Windows 8 Jumps Onto the Metro Line
Microsoft has shown the world a little more of Windows 8, the next version of Redmond's flagship operating system. Certain aspects of Windows 8 will resemble Windows Phone, the company's mobile OS. The software will also run on x86 devices as well as ones with ARM chips, meaning this next version of Windows is built for desktop, laptop and tablet.
Sep 13, 2011 1:54 PM PT
Microsoft inched further toward the tablet world Tuesday by revealing a slew of new details about its upcoming Windows 8 operating system at its Build developers conference, being held in Anaheim, Calif., through Friday.
Windows Division President Steven Sinofsky headlined the presentation, which demoed various aspects of the new operating system.
Among other things, Windows 8 will incorporate the Metro-style touch user interface familiar to Windows Phone 7 users. Also, Metro-style apps built for Windows 8 will be full-screen. Apps will communicate with each other, and Windows Live will sync all content on all a user's devices, which can be accessed from anywhere with any browser or Metro Windows 8 apps. Finally, the Windows Store will make it easier for devs to sell their apps and for consumers to find and purchase software.
Microsoft has also placed a strong emphasis on mobility. All apps developed for Windows 8 will run on both x86 and ARM platforms, for example. In fact, Win 8 will work across devices ranging from 10-inch tablets and laptops to all-in-one products with 27-inch high-definition screens, Microsoft said.
If all this sounds somewhat familiar, it's because Microsoft is in some ways going boldly where Apple has gone before.
"Microsoft has been imitating Apple for a long time, and imitation is the sincerest form of flattery," Laura DiDio, principal at ITIC, told TechNewsWorld.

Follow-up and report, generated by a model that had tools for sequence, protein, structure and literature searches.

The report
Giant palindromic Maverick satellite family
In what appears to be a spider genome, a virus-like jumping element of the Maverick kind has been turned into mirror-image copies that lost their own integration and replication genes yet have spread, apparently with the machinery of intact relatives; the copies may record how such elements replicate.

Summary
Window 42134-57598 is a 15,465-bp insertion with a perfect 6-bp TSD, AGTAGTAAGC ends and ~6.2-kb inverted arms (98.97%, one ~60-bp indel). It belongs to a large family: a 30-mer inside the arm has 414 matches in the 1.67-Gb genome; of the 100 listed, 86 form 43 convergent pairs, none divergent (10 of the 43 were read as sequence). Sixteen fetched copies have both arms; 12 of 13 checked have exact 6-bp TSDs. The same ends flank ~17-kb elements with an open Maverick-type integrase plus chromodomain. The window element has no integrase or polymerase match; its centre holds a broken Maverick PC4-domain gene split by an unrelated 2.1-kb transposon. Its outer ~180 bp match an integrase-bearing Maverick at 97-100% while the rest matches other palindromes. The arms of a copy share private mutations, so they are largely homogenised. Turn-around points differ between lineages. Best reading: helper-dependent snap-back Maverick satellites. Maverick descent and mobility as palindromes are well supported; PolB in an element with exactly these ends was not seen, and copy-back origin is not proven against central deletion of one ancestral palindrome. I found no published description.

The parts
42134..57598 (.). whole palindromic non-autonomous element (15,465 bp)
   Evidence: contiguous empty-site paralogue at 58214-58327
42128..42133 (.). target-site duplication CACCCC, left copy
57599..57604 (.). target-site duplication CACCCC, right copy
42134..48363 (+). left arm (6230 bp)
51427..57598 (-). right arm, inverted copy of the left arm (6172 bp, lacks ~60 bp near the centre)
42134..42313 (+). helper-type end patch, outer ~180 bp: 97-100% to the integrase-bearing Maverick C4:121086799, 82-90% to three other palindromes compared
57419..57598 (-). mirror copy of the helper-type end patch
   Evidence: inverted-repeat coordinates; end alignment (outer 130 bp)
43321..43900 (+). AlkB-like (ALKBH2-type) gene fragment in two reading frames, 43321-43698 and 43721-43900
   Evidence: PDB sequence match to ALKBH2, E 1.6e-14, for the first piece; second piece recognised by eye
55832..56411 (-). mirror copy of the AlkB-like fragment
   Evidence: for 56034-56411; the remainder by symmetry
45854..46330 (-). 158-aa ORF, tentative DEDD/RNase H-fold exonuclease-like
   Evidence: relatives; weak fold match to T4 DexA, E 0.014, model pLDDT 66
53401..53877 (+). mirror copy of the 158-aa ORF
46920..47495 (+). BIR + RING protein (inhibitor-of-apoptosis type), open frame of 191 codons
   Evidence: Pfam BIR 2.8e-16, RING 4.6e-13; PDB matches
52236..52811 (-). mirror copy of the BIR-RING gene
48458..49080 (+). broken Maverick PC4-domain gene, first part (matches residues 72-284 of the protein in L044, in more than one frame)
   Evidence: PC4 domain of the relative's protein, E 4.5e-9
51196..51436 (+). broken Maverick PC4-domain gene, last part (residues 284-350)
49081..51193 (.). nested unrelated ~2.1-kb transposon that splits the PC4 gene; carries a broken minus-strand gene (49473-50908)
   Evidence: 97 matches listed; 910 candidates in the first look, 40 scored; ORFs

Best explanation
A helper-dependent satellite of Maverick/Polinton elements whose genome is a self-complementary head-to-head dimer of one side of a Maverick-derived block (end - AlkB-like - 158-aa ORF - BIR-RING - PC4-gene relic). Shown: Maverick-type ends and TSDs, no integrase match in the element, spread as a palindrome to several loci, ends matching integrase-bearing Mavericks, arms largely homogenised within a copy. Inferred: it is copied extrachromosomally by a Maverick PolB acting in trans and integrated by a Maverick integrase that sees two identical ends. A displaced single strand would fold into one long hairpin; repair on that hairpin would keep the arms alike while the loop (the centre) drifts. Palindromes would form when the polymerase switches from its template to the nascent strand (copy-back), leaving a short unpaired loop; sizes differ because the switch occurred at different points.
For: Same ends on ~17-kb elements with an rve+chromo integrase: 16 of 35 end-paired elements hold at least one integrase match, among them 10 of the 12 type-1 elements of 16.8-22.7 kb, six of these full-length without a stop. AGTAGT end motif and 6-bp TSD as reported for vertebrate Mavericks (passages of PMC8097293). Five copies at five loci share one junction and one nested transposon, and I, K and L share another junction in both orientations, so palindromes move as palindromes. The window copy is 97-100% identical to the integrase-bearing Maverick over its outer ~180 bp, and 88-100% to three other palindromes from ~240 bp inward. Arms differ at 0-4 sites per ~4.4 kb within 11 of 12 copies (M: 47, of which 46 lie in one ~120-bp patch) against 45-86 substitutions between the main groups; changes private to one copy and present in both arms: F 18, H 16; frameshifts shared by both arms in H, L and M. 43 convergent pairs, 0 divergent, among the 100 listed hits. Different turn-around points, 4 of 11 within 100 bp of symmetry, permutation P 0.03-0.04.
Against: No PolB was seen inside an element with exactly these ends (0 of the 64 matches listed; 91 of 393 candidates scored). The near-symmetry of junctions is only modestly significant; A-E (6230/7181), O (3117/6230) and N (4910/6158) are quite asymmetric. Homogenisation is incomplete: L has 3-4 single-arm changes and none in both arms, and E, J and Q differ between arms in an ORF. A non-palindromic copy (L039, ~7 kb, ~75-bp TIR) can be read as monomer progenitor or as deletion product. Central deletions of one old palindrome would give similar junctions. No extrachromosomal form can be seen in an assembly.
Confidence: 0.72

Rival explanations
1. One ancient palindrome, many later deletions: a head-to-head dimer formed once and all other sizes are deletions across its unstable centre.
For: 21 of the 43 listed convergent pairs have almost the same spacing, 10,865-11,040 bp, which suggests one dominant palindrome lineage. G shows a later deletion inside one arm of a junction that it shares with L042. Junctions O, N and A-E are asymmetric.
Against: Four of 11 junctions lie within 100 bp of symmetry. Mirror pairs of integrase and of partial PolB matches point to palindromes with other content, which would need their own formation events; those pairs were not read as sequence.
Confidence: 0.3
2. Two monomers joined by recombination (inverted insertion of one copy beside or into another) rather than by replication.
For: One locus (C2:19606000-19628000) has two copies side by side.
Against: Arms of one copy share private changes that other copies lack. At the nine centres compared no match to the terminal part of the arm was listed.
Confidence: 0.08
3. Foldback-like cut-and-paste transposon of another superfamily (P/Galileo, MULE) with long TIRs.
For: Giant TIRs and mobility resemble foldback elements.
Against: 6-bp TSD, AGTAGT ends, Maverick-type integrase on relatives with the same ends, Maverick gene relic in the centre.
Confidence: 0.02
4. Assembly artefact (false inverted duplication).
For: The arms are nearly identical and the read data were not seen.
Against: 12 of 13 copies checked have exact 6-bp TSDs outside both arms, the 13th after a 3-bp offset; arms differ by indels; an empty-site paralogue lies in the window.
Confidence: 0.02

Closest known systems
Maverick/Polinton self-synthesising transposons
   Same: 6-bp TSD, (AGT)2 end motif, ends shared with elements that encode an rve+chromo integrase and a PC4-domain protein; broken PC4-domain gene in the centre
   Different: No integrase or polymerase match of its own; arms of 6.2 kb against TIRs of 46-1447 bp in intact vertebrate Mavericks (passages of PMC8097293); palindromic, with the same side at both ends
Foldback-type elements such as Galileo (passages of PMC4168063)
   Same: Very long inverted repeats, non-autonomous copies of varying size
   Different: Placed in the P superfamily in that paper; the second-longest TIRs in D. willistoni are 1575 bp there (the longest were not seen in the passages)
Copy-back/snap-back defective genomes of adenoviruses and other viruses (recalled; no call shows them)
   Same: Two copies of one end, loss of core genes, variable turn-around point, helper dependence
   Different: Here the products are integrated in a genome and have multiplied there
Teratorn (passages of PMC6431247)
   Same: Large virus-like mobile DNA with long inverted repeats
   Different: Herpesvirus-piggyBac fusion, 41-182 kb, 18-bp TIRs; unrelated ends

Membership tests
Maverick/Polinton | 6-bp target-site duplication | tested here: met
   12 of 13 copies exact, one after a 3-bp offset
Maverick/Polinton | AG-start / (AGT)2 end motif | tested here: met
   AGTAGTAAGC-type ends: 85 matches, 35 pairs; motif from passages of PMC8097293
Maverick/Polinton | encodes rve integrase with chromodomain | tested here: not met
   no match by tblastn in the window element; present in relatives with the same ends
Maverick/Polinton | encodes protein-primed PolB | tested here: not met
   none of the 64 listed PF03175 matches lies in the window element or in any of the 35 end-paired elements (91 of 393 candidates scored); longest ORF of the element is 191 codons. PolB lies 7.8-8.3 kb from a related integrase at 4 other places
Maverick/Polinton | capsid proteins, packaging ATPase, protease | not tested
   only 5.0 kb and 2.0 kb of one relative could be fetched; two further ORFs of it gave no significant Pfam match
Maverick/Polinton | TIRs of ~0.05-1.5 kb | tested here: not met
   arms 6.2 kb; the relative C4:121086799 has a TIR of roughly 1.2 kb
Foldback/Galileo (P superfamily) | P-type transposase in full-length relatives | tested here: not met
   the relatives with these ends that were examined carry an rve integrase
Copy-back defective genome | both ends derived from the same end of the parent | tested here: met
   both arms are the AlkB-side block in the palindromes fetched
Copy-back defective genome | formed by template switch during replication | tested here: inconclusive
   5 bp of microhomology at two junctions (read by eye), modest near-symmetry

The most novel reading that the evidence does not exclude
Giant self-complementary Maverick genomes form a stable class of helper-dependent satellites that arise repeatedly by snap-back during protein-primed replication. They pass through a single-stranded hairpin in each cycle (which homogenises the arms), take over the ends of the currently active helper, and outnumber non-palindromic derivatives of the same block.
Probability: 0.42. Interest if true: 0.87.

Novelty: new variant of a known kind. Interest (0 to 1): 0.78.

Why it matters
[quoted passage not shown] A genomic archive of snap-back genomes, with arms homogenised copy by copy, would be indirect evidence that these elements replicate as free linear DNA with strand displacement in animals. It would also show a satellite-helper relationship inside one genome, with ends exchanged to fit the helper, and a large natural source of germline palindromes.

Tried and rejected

However, Redmond has come up with a few winkles of its own for Windows 8.
For one thing, the new OS will be backwards compatible with Windows 7, so it will run all existing Windows 7 applications, Microsoft's Sinofsky announced.
Further, the learning curve for devs is slight, if it's at all present -- devs can leverage their knowledge of C # and other existing Microsoft app development languages to create Windows 8 Metro apps, Sinofsky said.
Microsoft spokesperson Emma Mahoney referred TechNewsWorld to the Microsoft News Center in response to a request for comment.
Some Further Details About Win 8
Windows 8 has a new set of application programming interfaces and tools to build Metro apps that are "very rich in immersive experience" and enable rapid development, Sinofsky said.
Microsoft has focused strongly on layouts.
Windows 8 has "a whole range of protection through antimalware and antivirus" built in, and Windows 8 PCs will be both more secure and faster than those running previous versions of Windows, Sinofsky declared.
Microsoft will ensure that there's no OS scope creep with Windows 8, as critics said occurred with previous versions of the operating system.
"We're not building layers and layers, we built everything natively into Windows," Sinofsky stated.
Starting Tuesday night, developers will be able to download both the 32-bit and 64-bit versions of the Windows 8 official dev preview without developer tools, and a 64-bit version with developer tools. The download can be found here.
However, these are not the gold versions of the OS.
The improvements in the OS and the other new features, such as touch capability, are "exactly what Microsoft has to do," ITIC's DiDio said.
"Microsoft has to convince people that the Windows platform is evolving to address the need of the 21st century digital network, and that the operating system can work on both a traditional PC or notebook, as well as new devices such as smartphones and tablets," DiDio explained.
Buying and Selling Apps
With Windows 8, Microsoft has revamped the Windows Store, making app discovery and purchase easier for consumers and allowing devs to sell their apps anywhere Windows is sold.
A rich licensing model has been built into apps, Sinofsky said.
Further, Microsoft has introduced an app approval process to ensure users will be safe.
The process will be transparent so devs will know where in the process their apps are, Sinofsky said. Microsoft will also give devs tools so they can check their apps prior to submission to the Windows Store.